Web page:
Reflecting the input of a record number of women and representatives from indigenous communities, the new Chilean constitution is being seen as a high-water mark for what countries can achieve when redrafting national documents based around wide-ranging inclusivity of its peoples and genders. Drafting of the new constitution is set to begin on July 4th, and will offer a potentially groundbreaking opportunity for the country to emerge from its dictatorship era and into a more equitable period that recognizes the inherent value of diverse voices and a sustainable future.
The call to draft a new constitution emerged from almost a year of continuous protest throughout Chile, which eventually forced President Sebastián Piñera to hold a nationwide referendum on the question of whether to replace the existing charter established during Augusto Pinochet’s dictatorship in 1980.
Chileans answered that question with a resounding “yes,” voting to elect a progressive assembly to redraft Chile’s constitution. Approximately 70 percent of the seats consist of left-leaning or independent delegates, with a particular focus on gender parity and indigenous inclusion. The diverse makeup stands in stark contrast with the single author of Chile’s current governing document, priest Jaime Guzmán. Of the 155 elected Chileans, 17 seats are reserved for Indigenous people, and 77 for women – being the first constitution in the world to establish gender parity as a fundamental statute.
During the 2019 protests, the issue of representation in the Constitutional Assembly became a focal point for Chilean women, who crusaded for inclusion through the rallying cry “nunca más sin nosotras” (never again without us) during the protests. The Indigenous community echoed a similar demand for the new assembly to remedy their past exclusion. “This is a historic opportunity to make sure nobody is left behind,” said Gerela Ramírez Lepin, a university student from Curarrehue, which is a hub of Chile’s indigenous Mapuche community. “I may never get this chance again.”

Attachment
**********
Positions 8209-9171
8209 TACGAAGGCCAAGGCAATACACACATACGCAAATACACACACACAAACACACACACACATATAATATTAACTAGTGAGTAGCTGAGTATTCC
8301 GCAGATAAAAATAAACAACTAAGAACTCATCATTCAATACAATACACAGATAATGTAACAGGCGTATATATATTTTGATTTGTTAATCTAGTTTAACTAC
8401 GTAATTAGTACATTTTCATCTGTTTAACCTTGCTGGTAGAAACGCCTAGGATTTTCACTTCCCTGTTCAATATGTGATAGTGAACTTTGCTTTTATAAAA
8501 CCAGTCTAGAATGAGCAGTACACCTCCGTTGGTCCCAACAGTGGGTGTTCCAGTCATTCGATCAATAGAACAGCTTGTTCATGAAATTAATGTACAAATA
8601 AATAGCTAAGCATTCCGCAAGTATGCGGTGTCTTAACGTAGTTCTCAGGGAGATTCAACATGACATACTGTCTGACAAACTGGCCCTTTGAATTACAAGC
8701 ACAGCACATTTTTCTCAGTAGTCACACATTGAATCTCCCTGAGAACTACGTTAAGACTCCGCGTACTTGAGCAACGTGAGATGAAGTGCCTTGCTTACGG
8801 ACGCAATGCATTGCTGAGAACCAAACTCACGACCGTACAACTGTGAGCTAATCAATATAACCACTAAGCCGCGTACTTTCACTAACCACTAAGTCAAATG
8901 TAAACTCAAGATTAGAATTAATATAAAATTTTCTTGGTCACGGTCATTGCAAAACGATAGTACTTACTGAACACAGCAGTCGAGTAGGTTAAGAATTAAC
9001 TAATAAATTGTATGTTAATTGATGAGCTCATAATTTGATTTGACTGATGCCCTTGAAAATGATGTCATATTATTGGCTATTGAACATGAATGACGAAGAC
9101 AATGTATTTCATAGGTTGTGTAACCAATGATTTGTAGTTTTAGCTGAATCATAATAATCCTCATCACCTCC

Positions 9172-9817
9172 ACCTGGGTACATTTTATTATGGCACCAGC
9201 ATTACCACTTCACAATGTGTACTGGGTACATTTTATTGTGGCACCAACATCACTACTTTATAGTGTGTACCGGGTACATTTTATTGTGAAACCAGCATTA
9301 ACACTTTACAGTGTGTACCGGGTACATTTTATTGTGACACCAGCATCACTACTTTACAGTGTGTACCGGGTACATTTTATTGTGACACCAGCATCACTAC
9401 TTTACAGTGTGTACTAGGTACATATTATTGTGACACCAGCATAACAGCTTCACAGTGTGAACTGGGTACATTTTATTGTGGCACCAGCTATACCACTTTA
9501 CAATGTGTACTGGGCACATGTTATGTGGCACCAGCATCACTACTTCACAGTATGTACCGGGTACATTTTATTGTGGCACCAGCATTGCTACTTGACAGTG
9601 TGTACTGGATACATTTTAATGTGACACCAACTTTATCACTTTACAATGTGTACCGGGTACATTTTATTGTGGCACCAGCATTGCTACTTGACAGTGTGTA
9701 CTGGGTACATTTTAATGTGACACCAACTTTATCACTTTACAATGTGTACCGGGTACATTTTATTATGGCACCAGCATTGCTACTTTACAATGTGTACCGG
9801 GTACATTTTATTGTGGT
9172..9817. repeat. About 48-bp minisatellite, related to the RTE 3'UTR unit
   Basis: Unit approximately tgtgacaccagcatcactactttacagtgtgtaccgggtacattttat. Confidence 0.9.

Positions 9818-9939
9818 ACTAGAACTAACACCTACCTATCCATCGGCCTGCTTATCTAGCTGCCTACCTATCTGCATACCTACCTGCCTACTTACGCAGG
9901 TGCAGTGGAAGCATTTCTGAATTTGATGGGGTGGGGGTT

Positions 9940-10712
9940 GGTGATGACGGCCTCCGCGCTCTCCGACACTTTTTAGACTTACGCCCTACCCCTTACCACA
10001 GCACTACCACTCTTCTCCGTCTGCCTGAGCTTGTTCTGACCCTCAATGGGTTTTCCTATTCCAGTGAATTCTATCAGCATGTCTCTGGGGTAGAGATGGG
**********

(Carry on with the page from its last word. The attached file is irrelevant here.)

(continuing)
Many Chileans also hope that the new constitution will be an opportunity for the introduction of unprecedented environmental protection measures. Environmental activists in Chile have expressed a desire to expand constitutional rights to address pressing issues such as Chile’s water scarcity, which has been exacerbated by drought and industries such as avocado farming and lithium extraction. Activists point out that the current constitution prioritizes private property rights over environmental protection. Yet, as environmental law professor Lynda Collins explains, that approach is ill-advised: “If property is constitutionally protected, but the environment is not, obviously the environment will lose. That’s not a fair fight.”
The fact that the new constitutional convention is focusing on environmental issues is not surprising given the disproportionate impact environmental degradation has had on indigenous communities. Nine of the seats in the assembly are reserved for members of the Mapuche, the largest indigenous group in Chile constituting about 12 percent of the Chilean population. Unregulated forestry activities have encroached on their land, making it all the more important that their voices be amplified on these environmental issues.
Once the popularly-elected assembly begins redrafting the constitution, it will have nine months to complete its work. Given the boldness of Chile’s constitutional experiment, all eyes will be watching to see how well the new charter achieves its ambitious objectives.
Caroline Arena for Times Media Mexico
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